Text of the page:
to dispute the theoretical fitness of retribu- travelling abroad owes some of its most obvition, inasmuch as they have no present reason ous drawbacks. The change of life, the for dreading foreign aggression. The Danish scenery, the amusements, the information war has gone far to redeem the failure of gained by a tour along the principal highFrankfort, because every German regiment roads of Europe, have their charm, and make would be available if it were required for the travelling worth all its many inconveniences. prosecution of the campaign. The union of But the operation by which the pleasure is the petty Italian States, was highly unwel- won, in itself is usually a mixed pleasure. come to France, although the new peninsular In the first place, there are invariably rekingdom is still held in leading strings; but strictions connected with it which all Engunited Germany would be more unmanagea-lishmen hate, and to which they are little ble, nor would it consent to-forfeit any Savoy accustomed to submit. The Briton who enor Nice by way of fine on its enfranchise- ters a continental railway station leaves at the door his liberty, and becomes for the journey the miserable slave of a paternal government. In happy unconsciousness of his crime, he is forever sinning against some important regulation, and forever being called to order by authoritative officials. If he sits down, he thereby contravenes a by-law of which he never heard; but the violation of which is looked upon by every gens-d'arme. and railway guard as a deliberate outrage upon their own dignity. If he stands up, he is sure to find himself standing at the wrong place. It seems as if destiny, on such occasions, had marked him out as the one sheep which was always getting into trouble with the shepherds of the railway flock, and he sees the natives eying him with astonishment, as if he were a wild and insubordinate animal, wherever he either opens a door or shuts it. Iron statutes of the same nature as those of the laws of the Medes and Persians govern him at every stage. He is forbidden to look after his luggage; he is forbidden to enter the platform before the bell rings; bearded officers prevent him loitering on the way to the carriage, or from stretching his head out of the window when he is there. The most remarkable thing of all is, that the inhabitants do not appear to mind this rigid discipline, and regard the foreign guest as an evil-mannered person, should he accidentally infringe upon it. Nor are Eng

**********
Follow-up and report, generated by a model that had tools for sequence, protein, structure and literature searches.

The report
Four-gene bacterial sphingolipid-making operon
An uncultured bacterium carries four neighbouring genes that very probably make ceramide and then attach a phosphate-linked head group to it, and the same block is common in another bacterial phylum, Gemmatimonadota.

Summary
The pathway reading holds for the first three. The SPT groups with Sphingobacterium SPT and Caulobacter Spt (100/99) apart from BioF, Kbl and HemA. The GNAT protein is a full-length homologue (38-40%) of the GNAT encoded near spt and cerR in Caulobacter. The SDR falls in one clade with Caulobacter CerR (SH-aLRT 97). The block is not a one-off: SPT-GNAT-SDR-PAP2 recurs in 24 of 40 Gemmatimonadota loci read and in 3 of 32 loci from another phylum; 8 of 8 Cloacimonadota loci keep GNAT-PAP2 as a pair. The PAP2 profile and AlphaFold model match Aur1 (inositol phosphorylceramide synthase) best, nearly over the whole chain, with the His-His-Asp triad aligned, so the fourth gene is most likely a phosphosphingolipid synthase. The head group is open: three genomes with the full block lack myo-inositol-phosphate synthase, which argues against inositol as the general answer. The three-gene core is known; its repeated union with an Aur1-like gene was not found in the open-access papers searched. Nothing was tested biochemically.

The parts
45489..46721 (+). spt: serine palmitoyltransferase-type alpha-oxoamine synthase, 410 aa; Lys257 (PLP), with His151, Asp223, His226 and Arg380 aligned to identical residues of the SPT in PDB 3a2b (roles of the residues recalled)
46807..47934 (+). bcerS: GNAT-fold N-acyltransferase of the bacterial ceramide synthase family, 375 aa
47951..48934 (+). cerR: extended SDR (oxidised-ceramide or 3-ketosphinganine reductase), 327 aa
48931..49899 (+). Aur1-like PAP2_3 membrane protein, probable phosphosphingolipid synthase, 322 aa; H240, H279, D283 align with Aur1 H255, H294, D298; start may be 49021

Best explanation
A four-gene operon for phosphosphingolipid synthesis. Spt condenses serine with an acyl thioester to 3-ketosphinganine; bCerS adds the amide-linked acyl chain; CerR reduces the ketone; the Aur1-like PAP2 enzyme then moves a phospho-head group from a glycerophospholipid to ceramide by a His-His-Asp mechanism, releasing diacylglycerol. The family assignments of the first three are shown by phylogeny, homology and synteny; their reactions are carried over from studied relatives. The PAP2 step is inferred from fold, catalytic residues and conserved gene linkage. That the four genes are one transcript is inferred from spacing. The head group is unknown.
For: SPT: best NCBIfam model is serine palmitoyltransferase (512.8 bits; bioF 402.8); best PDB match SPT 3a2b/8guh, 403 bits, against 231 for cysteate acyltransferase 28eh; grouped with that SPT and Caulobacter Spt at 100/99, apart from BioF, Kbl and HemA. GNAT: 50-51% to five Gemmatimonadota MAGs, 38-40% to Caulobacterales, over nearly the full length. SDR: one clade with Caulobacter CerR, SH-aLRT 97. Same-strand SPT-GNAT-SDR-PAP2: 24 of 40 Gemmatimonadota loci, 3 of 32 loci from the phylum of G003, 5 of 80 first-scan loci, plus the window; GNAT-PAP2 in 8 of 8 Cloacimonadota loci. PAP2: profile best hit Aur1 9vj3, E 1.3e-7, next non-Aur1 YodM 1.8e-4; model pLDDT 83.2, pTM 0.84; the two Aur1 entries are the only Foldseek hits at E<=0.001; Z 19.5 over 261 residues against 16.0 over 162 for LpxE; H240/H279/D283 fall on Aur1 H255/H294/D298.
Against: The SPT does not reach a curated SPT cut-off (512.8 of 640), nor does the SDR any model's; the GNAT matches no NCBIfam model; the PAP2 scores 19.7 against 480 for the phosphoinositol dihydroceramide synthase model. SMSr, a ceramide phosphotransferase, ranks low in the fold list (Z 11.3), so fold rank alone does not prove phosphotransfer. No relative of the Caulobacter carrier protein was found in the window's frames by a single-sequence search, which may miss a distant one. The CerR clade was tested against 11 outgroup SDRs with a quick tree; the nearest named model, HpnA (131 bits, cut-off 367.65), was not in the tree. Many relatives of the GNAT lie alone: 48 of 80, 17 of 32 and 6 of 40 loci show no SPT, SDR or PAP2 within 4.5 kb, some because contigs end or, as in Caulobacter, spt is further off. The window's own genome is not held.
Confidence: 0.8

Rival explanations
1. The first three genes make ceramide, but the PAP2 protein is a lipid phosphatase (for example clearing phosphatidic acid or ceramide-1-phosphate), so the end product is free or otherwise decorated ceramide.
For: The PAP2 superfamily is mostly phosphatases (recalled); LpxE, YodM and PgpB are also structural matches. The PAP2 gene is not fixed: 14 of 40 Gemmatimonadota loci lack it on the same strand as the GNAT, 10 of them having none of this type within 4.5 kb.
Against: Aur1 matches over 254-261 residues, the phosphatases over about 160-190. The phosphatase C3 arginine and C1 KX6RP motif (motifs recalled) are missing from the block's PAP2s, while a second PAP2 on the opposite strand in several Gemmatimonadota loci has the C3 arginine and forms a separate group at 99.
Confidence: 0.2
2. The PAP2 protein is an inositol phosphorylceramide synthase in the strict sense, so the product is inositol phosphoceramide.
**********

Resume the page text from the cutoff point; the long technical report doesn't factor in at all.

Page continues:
DURING the last few weeks, travellers returning from Germany have brought home the intelligence that travelling in Germany has become, for English gentlemen and ladies, a difficult and annoying business. Com-lishmen-unless they happen to be familiar plaints are made, not merely of the rudeness with the Continent-at all prepared for the of officials, but of the rudeness of those who power and dignity of foreign officials. are casual passengers as well. The Prussians, England no gentleman pays more than a in particular, are said to visit on the heads very limited attention to the discipline of of unfortunate English individuals the politi- the railways. Railway guards are not gencal sins and shortcomings which they attrib-erally considered servants of the nation; and ute to the English nation. A few years ago if a traveller wishes to smoke, he smokes an awkward quarrel between German officials and gives the guard a shilling. The conseand Englishmen at Cologne gave people who quence is, that Englishmen abroad are connever went abroad an insight into some of tinually in trouble. It takes a long expethe misfortunes to which Coelebs in search of rience to teach them that by-laws may not scenery is liable; and it cannot be doubted be broken. In Germany, above all countries for a moment that travelling in German rail- in Europe, this is peculiarly the case. Nor ways and steamboats may be made intensely is the supervision of the law confined by any unpleasant, if the natives of that favored means to public conveyances. It is long odds country choose to make it so. But it is not that an Englishman cannot ride along a highmerely owing to political complications that road in Germany for half a mile, on horse